Can you get a home loan if you have bad credit?

Finance Journalist · 3 August 2020
If you have a ‘bad’ credit history, can you get approved for a home loan? And is it a good idea?

Having bad credit can make it more difficult and riskier to get a loan compared to someone with ‘good’ credit. It can also be more expensive.

Can I get a home loan with bad credit?

It may be possible to get approved for a home loan if you have a bad credit history. However, this will depend on the other aspects of your application. Your credit history is just one factor lenders consider when assessing your home loan application. Other factors such as your income, expenses, employment, how much you want to borrow and how much of a deposit you have will also be taken into account.

In Australia, lenders are legally required to lend money responsibly. This means they cannot give you a loan if they think you won’t be able to make the repayments. For example, lenders can reject your loan application if you have defaults or overdue payments listed on your credit report that suggest you may not be able to meet the repayments on the loan you’re applying for now.

If you have a bad credit history, some ‘traditional’ lenders (such as banks and credit unions) may not consider you for a loan. However, it’s worth noting that lenders won’t necessarily treat all defaults the same way. For example, lenders may be more lenient if the default is only for a small amount, if you have paid the default or if it is an old (rather than new) default.

There are also specialist lenders who offer ‘bad credit home loans’. Specialist lenders may be more willing to lend to those with impaired credit. However, it’s important to be fully across the costs and other terms and conditions that may apply.


What is a bad credit home loan?

Bad credit home loans are simply home loans designed for those with poor credit. They are typically offered by specialist lenders, also known as non-conforming lenders. But there is often a catch – bad credit home loans typically charge higher interest rates. This is to account for a higher risk of default.

Over the life of a home loan – typically 25 or 30 years – even a slightly higher interest rate can make a big difference to how much it will cost you overall.

For this reason, bad credit home loans are usually intended to be a short- to medium-term solution, rather than a long-term fix. A borrower will typically seek to refinance to a standard home loan at a lower interest rate once their credit report has improved or negative information like overdue accounts and court judgments have dropped off their file.

Bad credit home loans can be riskier and more expensive than standard home loans, and you should research fees, interest rates, contract terms and risks that can apply with this in mind.

Should I apply for a home loan if I have bad credit?

If you have a bad credit history, it’s important to carefully consider whether applying for a home loan is the most prudent thing to do. This may be particularly important for some people given the job security concerns being experienced during the coronavirus pandemic, and Australia’s economic recession. If you were to consider taking out a home loan and have your circumstances change unexpectedly, for example, there may be a possibility this could lead to mortgage stress, or increased risk of default, depending on your circumstances. When you take out a loan, you take on a degree of risk as a borrower and this can be high if you have a bad credit report and may be paying a higher interest rate as a result.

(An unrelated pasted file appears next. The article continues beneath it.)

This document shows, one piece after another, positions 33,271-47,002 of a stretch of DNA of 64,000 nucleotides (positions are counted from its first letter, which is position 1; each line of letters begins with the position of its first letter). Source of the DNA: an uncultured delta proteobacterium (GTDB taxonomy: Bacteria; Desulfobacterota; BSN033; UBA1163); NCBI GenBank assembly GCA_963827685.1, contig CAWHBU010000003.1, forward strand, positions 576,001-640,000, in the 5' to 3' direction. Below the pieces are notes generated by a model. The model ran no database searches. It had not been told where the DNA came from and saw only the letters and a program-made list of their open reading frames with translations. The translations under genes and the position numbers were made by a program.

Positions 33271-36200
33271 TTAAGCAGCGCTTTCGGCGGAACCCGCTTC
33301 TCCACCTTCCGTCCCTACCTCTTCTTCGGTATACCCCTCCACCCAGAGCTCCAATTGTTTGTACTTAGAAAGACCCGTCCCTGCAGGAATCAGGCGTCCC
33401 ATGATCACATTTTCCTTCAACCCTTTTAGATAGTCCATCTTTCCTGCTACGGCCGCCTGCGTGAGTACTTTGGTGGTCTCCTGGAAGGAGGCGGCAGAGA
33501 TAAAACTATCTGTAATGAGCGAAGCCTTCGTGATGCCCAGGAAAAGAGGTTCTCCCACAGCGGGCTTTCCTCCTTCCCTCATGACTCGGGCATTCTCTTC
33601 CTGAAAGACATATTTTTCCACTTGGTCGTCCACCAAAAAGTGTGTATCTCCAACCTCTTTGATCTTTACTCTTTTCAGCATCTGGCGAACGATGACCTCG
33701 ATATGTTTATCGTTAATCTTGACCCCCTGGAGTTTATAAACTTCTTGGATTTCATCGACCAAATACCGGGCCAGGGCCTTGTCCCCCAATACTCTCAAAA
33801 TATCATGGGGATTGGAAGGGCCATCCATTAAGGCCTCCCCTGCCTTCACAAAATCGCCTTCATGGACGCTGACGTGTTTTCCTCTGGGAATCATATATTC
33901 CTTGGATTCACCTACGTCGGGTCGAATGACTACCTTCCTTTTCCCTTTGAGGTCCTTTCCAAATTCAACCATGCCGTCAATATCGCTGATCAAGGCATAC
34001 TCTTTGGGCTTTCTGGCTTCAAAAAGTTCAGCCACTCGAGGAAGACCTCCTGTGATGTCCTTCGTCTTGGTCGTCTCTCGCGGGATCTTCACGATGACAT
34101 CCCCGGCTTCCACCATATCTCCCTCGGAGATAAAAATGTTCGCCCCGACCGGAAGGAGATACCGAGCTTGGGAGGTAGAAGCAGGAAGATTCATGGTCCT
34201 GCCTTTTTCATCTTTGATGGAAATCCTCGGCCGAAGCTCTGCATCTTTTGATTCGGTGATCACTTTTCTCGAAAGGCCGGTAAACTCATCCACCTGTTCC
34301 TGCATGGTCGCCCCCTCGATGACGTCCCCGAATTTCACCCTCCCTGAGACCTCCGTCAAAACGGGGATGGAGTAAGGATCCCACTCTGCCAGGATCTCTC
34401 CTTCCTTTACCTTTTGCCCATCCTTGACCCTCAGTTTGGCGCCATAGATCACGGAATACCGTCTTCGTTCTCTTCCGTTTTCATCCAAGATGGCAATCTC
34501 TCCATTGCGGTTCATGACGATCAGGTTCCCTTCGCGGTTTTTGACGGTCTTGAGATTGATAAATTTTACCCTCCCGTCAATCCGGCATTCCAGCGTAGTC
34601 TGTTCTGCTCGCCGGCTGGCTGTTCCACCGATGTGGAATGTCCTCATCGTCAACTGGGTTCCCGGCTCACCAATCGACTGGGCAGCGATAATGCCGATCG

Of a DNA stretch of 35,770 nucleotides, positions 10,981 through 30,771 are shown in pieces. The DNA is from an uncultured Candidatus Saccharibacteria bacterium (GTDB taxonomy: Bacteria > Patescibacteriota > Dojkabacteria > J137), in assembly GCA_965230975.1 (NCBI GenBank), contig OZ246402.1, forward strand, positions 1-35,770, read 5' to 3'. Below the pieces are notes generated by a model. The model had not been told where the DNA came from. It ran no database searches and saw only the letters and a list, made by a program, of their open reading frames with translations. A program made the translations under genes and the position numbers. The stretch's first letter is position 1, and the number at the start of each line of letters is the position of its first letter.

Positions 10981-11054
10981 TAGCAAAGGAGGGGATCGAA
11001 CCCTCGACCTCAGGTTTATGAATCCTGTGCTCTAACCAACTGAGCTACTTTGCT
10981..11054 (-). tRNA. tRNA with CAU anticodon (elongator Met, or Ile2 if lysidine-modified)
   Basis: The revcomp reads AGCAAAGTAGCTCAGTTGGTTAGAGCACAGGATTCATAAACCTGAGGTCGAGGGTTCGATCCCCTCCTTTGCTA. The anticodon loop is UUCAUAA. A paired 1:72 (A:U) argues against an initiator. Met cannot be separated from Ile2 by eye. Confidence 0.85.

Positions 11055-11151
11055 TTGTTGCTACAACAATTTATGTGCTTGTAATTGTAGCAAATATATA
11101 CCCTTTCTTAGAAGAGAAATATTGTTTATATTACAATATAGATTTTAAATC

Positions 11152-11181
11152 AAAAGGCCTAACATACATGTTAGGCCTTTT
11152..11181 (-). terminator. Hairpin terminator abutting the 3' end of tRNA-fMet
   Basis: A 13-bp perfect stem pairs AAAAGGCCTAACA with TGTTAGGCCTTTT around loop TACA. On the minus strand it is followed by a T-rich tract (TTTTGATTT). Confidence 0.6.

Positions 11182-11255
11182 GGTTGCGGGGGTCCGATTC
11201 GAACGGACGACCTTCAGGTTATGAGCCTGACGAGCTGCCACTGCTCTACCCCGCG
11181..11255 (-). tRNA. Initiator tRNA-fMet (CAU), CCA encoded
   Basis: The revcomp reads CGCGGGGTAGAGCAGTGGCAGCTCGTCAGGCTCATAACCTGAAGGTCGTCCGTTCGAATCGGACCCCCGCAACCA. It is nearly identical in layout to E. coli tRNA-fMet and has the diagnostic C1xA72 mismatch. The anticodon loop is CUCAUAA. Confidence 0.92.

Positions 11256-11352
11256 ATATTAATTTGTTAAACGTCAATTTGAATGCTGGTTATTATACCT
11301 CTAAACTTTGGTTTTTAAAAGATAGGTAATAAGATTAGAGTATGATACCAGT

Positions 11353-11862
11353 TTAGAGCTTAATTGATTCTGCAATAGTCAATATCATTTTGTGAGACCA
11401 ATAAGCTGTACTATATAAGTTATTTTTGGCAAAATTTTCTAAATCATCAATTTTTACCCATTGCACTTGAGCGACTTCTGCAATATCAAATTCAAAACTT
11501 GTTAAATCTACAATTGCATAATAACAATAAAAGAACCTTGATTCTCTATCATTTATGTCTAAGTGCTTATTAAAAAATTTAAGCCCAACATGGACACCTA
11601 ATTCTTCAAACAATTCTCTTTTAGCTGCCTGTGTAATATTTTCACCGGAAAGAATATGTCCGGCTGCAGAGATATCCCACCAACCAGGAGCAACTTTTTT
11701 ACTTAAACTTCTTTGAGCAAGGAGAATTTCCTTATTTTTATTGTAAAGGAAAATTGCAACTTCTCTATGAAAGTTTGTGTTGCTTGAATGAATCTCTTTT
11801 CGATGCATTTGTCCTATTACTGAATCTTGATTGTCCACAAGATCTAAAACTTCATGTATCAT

It may be better to wait until you have built up savings and have improved your credit history so you are in a stronger position to apply for a home loan. For example, Bendigo Bank recommends that those with a bad credit history save up a deposit of at least 20% of the value of the house (or an 80% loan-to-value ratio) so you won’t need to be considered for lender’s mortgage insurance.

Once you are ready to apply for a loan, it’s important to tread carefully. Each time you apply for a loan, it is marked on your credit report. If you apply for multiple loans within a short space of time, it can signal that you are in credit stress, and may have a negative effect on your credit score. To this end, it’s important to do your research before you apply. You might want to get financial advice before committing to a loan. Free financial counselling is also available to support you if you need it, such as from the National Debt Helpline on 1800 007 007.

How can I improve my credit score?

If you have a poor credit score, there are steps you can take to help improve it. Although your credit score won’t change overnight, it can be improved over time as more positive information is added to your report and negative information gradually expires.

For example, you may want to:

  • Regularly check your credit report and make sure that the information in it is correct. If it is not, you can contact the credit reporting body and ask them to fix it. It’s free to update your credit report or remove an incorrect listing.
  • Make sure you pay any repayments and bills on time. Setting up automatic payments could help with this. You might also like to use Canstar’s Budget Planner Calculator.
  • Think carefully before applying for new credit or loan products and try to limit any applications you make, whenever possible.
  • If appropriate, consider lowering the limit on any credit cards you have.

This article was reviewed by our Sub-editor Jacqueline Belesky and Finance Editor Sean Callery before it was published, as part of our fact-checking process.

Main image source: GaudiLab (Shutterstock). 

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